Plastic Percy

    Much as Kirk falling off a bridge is crap, it was more dramatic than the originally shot ending where Malcolm McDowell just shoots him the back.



    First Contact was my favourite when I was a teenager, but it hasn’t held up since. I’d rather watch the terrible Star Trek V than any of the other TNG films, because at least that has some real weirdness and ineptitude that gives it so-bad-it’s-funny value.



    I do like the TNG films but they’re TV movies with a massive budget really, apart from Patrick Stewart stretching his acting legs a bit more, there’s not much in them that makes them feel special. Nemesis wasn’t great though obviously.

    The Motion Picture I just can’t figure out. I can’t even remember if I’ve seen it all the way through, I had to stop because I was bored out of my mind after an hour. I think I resumed but I just don’t like it. It’s like Gene Roddenberry ate a load of magic mushrooms before he wrote the screenplay to me.

    Also the uniforms are offensively bad.


    Ben Saunders

    TMP is great if you can stay awake during the gratuitous 17-minute special effect wankfests, they really could be cut in (at least) half and not remove any impact. It’s a shame that the Blu-Ray transfer is so dirty and the matte lines on everything are so obvious, I’m sure it looked fantastic in the cinema in 1979, though. But Star Wars for example doesn’t suffer from the same issues. I mean obviously Star Wars was digitally touched up but it’s a shame to have that as a reference for what great spaceship effects look like only to get hit with dirty film and matte lines wider than headphone cables


    Pete Part Three

    I’m doing a very condensed TNG rewatch at the moment (40 of the best episodes from a list I found online). I haven’t watched the show at all since BBC2 repeated it in full in the nineties, save for a few classics. I think it says a lot for the quality of the show that I can remember the stories of many of these episodes, despite not watching most of them more than once about twenty years ago. TNG nailed so many of TV’s best examples of particular sci-fi stories on first attempt.

    Patrick Stewart effortlessly acts everyone off the screen and Tapestry is up next, which I think may be my all time favourite.

    In terms of the movies, Wrath of Khan is brilliant. Undiscovered Country was the first Trek I ever really watched and I love the Detective Spock stuff. The Search for Spock gets an unfair rep and since it’s the middle part of a trilogy is unskippable., Voyage Home gets a *bit* too much love.

    I don’t quite get the Generations hate. The plot is complete bobbins, but it would be a perfectly good episode of the show, mich like Insurrection. First Contact is fantastic.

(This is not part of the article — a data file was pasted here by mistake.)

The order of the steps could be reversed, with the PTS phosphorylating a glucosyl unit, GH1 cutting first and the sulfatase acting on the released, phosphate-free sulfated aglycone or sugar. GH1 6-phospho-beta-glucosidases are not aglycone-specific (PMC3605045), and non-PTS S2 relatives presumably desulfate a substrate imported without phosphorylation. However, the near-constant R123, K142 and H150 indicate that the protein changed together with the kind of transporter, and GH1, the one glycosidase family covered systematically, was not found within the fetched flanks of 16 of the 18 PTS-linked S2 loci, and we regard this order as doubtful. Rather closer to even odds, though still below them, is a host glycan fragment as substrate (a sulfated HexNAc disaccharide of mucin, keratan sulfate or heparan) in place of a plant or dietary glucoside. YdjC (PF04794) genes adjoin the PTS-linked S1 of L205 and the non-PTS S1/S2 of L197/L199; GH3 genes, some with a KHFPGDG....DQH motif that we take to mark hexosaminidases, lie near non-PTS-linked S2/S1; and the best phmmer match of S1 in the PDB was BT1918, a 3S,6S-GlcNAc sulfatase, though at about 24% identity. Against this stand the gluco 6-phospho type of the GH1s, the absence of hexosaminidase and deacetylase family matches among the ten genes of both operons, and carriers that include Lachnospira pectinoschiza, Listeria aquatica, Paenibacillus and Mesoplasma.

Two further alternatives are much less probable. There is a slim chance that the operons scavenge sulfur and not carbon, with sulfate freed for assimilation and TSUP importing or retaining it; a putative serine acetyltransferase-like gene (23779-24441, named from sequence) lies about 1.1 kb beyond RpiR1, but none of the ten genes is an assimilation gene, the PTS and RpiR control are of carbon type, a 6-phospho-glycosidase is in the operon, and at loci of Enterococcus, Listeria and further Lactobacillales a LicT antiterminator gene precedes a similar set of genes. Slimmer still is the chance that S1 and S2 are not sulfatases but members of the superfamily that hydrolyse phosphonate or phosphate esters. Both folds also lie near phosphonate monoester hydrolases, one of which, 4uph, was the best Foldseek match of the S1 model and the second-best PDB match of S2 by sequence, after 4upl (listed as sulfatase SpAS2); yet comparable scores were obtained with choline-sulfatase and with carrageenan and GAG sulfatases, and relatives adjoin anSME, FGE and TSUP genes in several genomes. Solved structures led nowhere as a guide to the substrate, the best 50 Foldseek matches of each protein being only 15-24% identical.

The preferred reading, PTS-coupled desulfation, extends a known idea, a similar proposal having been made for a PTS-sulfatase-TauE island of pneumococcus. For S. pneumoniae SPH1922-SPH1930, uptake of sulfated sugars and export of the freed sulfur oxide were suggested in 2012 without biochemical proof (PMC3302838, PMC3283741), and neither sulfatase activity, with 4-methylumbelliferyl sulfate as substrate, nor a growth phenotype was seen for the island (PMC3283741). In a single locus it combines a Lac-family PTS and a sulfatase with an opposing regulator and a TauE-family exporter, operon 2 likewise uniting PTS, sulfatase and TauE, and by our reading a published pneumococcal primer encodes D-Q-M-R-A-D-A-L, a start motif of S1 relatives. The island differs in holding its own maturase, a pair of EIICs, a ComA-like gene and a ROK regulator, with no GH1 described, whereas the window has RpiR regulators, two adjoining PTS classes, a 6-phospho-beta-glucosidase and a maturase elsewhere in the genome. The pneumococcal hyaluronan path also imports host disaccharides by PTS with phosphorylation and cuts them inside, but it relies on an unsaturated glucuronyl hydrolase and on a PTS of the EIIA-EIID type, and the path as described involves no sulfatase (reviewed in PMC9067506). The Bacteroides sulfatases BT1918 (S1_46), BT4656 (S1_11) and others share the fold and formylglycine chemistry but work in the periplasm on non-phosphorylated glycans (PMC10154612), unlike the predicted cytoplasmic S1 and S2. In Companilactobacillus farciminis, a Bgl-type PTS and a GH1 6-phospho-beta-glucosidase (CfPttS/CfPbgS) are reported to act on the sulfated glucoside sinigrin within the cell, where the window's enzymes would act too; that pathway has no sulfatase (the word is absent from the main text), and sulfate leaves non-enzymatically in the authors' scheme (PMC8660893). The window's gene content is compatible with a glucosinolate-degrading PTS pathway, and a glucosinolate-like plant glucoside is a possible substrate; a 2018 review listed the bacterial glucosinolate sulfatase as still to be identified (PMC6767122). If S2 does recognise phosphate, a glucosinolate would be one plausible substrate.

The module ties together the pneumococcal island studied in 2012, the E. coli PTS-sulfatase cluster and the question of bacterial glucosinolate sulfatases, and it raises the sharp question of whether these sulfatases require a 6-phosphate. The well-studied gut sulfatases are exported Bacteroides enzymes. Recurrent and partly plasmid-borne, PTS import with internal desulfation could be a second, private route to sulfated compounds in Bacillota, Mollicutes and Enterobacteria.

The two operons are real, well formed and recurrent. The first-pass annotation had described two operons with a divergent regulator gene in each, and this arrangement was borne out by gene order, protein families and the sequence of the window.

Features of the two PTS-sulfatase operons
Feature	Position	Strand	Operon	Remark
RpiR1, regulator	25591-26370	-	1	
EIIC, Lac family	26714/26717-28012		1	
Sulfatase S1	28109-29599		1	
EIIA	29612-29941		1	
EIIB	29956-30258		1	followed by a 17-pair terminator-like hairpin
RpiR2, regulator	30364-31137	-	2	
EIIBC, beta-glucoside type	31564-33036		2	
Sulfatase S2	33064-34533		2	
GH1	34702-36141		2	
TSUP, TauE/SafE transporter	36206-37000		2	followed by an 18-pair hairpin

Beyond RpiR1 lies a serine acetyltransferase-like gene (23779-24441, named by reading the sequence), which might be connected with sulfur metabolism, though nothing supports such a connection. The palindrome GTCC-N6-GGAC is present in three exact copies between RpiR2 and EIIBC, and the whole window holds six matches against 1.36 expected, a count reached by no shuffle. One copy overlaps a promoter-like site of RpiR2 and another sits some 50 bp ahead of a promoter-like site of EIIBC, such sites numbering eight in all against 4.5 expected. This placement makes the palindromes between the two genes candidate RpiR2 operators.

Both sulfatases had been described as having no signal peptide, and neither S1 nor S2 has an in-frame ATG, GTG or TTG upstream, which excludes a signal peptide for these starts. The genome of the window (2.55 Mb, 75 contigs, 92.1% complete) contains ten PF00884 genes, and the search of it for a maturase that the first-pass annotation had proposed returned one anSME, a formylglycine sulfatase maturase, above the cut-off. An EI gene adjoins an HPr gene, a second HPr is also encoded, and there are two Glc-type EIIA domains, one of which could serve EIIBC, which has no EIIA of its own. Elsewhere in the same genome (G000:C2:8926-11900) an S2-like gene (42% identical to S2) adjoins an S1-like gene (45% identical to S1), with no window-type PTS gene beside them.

First Contact is the best TNG movie.



    I never really watched TNG when it was on, I always thought it was a bit boring, but having watched it since I feel like it really helps if you can watch it from the start and get to know the characters. I think it’s probably the best Star Trek overall, there’s just quality there.

    Conspiracy was a great watch too, even if I’d have been watching the BBC broadcasts I wouldn’t have seen it as intended anyway, it’s great.



    Top of my head top 10 Trek: The Cage (TOS), The City on the Edge of Forever (TOS), Star Trek VI, Yesterday’s Enterprise (TNG), Tapestry (TNG), All Good Things (TNG), The Way of the Warrior (DS9), The Visitor (DS9), Far Beyond the Stars (DS9), In the Pale Moonlight (DS9).

    There’s so damn much Trek, you can focus in on really specific arcs and get a whole season out of it. TNG’s Q or Data episodes, Ron Moore’s Klingon soap opera in TNG-DS9, DS9’s Ferengi sitcom, poor O’Brien getting punctually put through hell every year…



    Forgot to include Wrath of Khan, idiot.


    Ben Saunders

    Just finished Star Trek II, currently sobbing. For the most part STII is an above average action flick with some strong characters and a notably tight script, but that ending would make a statue cry. And Kirk’s speech, oh man.

    I’ve only seen TOS in its entirety so far, catching various episodes of TNG and Voyager as a child, but according to my imdb ratings my top stories are (in no order): A Taste of Armageddon, The City on the Edge of Forever, This Side of Paradise, All Our Yesterdays, The Corbomite Maneuver, A Piece of the Action, Amok Time, Requiem for Methusela, The Doomsday Machine, The Motion Picture, The Deadly Years



    I didn’t rate Wrath of Khan much when I first saw it, but I’ve come to love it over time. It’s great how it addresses the cast’s ageing and makes that part of the story, like we like in Red Dwarf. I like the pompous literary Moby Dick / Paradise Lost stuff too.

    The main difference between TMP and WOK is Roddenberry was sidelined and Nicholas Meyer got to reinvent the series, plus James Horner’s horns set a different tone than Jerry Goldsmith’s harps. Roddenberry wouldn’t have much control again until early TNG, where Riker and Troi are cut from the same template as Decker and Ilia in TMP.


    Ben Saunders

    I’ll come back and watch the alternate cuts of the movies once I’m done with the theatrical run and see if I grow to like them more, or less.